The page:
Each day through learning and acceptance life becomes richer. Look how far
Lancelot has come.
These helped Lancelot
  1. Sensory Integration Therapy
  2. Driving short distances in very light
    rain (We have a convertible now)
  3. Bringing books, movies, and foods he
    will eat
  4. Small trampoline to use when watching
    T.V.
  5. Large Therapy Ball (Lancelot bounces
    on one while he is on computer, doing puzzles etc.)
  6. Massages
  7. Yoga
  8. Avoid crowds as much as possible
  9. A pet (Mack our German Shepard was
    perfect. For years when Lancelot was in Sensory overload, he would hit himself
    in the head. But when Mack was around he would hit the dog. Note I do not
    approve of this, but Mack though it was ok. It really was amazing, and I guess
    me teaching him not to hit Mack… well it worked! Lancelot and Mack were like
    brothers, we both miss our Mack!)
  10. Platform Swing
  11. Soft
    Cotton Clothes
  12. Small brush -to brush from head to toe ( Find
    a sensory Integrations sight or medical supplies)
  13. Therapeutic Horse Riding
  14. Games:
    1. Hiding plastic toys in dry corn,
      peas, or beans
    2. Blowing bubbles while child is on
      swing. Have the child try to catch the bubbles. As the child gets older, call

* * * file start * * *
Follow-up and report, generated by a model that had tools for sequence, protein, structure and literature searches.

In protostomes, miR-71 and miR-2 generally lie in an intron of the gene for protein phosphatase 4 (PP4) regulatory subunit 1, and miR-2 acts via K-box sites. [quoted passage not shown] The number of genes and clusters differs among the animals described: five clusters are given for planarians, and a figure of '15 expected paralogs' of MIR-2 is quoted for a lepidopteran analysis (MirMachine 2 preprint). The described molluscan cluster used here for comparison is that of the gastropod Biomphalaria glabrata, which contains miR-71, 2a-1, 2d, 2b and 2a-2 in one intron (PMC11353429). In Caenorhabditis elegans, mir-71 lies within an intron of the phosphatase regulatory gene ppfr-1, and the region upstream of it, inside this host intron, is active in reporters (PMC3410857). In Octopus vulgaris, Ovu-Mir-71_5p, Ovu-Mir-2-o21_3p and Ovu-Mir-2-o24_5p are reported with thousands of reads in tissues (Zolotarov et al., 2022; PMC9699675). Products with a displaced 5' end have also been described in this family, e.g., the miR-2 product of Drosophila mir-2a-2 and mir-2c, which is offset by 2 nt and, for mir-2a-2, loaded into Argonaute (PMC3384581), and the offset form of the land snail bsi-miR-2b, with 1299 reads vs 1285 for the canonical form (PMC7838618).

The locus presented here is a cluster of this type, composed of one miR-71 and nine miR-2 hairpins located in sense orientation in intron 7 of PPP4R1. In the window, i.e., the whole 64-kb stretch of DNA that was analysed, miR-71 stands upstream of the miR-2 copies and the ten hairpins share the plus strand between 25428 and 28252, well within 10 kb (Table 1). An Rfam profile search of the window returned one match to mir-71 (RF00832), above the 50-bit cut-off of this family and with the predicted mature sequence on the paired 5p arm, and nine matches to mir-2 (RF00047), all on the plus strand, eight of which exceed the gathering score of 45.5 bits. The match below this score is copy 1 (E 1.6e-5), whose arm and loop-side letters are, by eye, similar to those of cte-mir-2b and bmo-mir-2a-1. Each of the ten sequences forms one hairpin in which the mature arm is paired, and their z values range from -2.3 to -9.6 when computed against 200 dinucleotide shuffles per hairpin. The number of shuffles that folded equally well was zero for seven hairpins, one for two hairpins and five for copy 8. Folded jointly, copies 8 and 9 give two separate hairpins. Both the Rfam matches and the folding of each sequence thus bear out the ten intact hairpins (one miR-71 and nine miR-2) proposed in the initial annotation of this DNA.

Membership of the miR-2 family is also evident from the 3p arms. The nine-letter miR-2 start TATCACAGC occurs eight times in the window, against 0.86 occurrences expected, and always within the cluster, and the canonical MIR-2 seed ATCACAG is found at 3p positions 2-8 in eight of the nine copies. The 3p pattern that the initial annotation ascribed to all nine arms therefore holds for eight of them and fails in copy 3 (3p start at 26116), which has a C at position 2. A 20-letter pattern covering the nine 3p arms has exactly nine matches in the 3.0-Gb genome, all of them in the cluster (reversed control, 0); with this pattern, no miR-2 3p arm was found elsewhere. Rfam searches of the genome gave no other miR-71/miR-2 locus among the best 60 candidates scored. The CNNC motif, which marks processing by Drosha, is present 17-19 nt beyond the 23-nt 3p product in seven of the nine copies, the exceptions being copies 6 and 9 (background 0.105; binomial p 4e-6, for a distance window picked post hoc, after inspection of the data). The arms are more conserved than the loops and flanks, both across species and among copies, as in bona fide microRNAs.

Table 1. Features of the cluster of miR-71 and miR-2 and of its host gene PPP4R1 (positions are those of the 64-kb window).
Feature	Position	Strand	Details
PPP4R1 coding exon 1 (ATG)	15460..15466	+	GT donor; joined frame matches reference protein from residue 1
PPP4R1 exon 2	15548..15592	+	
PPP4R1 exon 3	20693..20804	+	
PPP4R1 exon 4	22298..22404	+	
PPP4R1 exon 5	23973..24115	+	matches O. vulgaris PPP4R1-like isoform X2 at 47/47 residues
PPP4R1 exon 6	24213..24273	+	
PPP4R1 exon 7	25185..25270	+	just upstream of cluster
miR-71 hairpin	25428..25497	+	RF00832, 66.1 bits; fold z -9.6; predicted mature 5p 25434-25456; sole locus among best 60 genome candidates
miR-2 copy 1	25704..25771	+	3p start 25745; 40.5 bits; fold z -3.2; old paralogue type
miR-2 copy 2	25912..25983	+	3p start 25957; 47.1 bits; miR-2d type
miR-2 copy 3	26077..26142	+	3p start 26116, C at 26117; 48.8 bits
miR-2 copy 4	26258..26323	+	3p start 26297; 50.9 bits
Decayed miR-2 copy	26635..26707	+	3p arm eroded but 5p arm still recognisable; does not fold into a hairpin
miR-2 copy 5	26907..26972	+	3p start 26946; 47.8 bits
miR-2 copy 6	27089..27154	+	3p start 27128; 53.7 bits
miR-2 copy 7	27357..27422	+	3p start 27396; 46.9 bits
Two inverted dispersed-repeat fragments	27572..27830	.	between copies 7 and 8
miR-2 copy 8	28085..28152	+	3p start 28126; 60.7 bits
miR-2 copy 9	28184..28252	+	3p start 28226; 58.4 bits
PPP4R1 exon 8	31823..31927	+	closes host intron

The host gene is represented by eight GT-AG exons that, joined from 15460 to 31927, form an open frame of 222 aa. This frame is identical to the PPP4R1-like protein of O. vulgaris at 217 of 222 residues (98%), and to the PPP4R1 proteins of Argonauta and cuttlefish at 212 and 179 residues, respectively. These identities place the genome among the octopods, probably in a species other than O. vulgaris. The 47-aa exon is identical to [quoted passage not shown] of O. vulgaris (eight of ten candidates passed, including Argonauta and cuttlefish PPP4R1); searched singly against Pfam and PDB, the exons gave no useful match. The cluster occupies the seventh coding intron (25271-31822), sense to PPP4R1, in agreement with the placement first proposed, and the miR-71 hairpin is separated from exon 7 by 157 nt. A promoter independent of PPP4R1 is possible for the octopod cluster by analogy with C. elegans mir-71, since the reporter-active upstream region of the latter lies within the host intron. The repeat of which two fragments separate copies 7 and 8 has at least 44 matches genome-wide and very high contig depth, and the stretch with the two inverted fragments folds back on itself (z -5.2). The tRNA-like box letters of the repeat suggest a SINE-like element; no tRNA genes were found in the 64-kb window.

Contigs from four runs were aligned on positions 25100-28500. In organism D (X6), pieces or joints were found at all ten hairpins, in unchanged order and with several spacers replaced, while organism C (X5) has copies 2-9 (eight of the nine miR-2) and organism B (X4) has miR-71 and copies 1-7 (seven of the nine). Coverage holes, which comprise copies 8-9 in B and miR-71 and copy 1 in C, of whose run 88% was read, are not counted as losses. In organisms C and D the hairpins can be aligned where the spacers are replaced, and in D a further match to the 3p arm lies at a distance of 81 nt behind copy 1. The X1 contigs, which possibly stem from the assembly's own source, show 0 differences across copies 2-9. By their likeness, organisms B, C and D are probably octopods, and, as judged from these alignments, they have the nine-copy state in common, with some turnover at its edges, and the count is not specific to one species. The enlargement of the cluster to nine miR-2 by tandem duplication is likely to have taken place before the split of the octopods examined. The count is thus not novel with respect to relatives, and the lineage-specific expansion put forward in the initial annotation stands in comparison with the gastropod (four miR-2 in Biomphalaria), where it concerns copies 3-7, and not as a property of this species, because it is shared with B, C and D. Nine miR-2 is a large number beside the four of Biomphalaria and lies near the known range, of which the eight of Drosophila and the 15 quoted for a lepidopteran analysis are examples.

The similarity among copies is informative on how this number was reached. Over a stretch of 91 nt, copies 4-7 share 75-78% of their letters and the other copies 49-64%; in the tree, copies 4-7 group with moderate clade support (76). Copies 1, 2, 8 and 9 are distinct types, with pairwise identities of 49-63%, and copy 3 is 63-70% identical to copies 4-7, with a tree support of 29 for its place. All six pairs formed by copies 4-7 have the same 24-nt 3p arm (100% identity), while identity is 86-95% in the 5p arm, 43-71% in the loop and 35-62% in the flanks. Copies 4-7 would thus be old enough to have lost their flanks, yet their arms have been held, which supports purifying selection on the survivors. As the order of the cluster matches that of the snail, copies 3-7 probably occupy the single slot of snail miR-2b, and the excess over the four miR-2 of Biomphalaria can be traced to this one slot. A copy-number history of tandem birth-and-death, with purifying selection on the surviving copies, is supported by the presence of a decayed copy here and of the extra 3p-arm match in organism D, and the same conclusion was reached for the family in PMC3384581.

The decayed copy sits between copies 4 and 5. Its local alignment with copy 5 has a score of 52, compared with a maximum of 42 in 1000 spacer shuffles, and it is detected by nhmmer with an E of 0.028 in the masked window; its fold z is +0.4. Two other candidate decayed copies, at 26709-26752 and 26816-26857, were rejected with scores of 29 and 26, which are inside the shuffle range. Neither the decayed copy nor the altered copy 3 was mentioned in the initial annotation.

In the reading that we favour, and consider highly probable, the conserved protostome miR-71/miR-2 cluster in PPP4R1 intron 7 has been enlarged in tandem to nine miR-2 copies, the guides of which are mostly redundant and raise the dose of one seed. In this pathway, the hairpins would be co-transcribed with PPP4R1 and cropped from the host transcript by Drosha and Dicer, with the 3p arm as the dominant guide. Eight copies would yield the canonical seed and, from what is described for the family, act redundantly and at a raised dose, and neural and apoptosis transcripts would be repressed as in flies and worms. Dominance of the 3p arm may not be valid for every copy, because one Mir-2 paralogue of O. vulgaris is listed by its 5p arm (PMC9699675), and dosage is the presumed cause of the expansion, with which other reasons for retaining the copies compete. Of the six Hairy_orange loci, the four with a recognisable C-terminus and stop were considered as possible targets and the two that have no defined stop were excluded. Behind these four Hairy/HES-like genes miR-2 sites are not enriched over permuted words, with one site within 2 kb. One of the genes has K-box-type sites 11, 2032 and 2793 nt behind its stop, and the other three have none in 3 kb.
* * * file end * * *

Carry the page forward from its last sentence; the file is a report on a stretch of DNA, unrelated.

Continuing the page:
out spelling words as they swing.
    3. Any playful wrestling
    4. Playing barefoot in the yard or
      beach.
    5. Any game that is uses multiple senses
      and learning at the same time helps the brain process.
Each person will need
to be evaluated by a Sensory Integration Therapist to find out their own
special needs! It works or Lancelot and I would never been able to drive around
the country!

Sensory UPDATE

Lancelot has passion for Dairy Farming was greatly
hampered for years. The sound of the milking machines kept him outside
screaming wanting so badly to get into the milking parlor. Today  one of Lancelot’s  greatest joy is being in a milking
parlor.

Lancelot and I have come a long way, yet over the past few years, when I least expect it
Lancelot’s evil twin emerges. For example, on our 2010 Summer Quest at the
Hoard’s Dairyman magazine office we got to meet the Managing Editor, Steven A.
Larson. Lancelot was talking with Mr. Larson about dairy farming, then much to
my horror, he started to take the books off the shelves as fast as he could,
and just laying them down instead of putting the books back where he had gotten
them. (Speed reading)  I started putting
the books back. Mr. Larson said the order of the books did not matter because
some of the books had not been off the shelves in 100 years! I had not seen
Lancelot do this since he was a small child; needless to say he was in Sensory
Overload.  Evil Twin equals Sensory
Overload.

This book was a door I walked through to understand Lancelot's Senses.

A window into the world of Sensory Overload in a Home.

It is a challenge to keep Lancelot
from becoming over stimulated as we travel. He needs to be in a quiet,
controlled environment with just his books, movies, and balls to calm his
senses. I do my best, but we really need a home on wheels.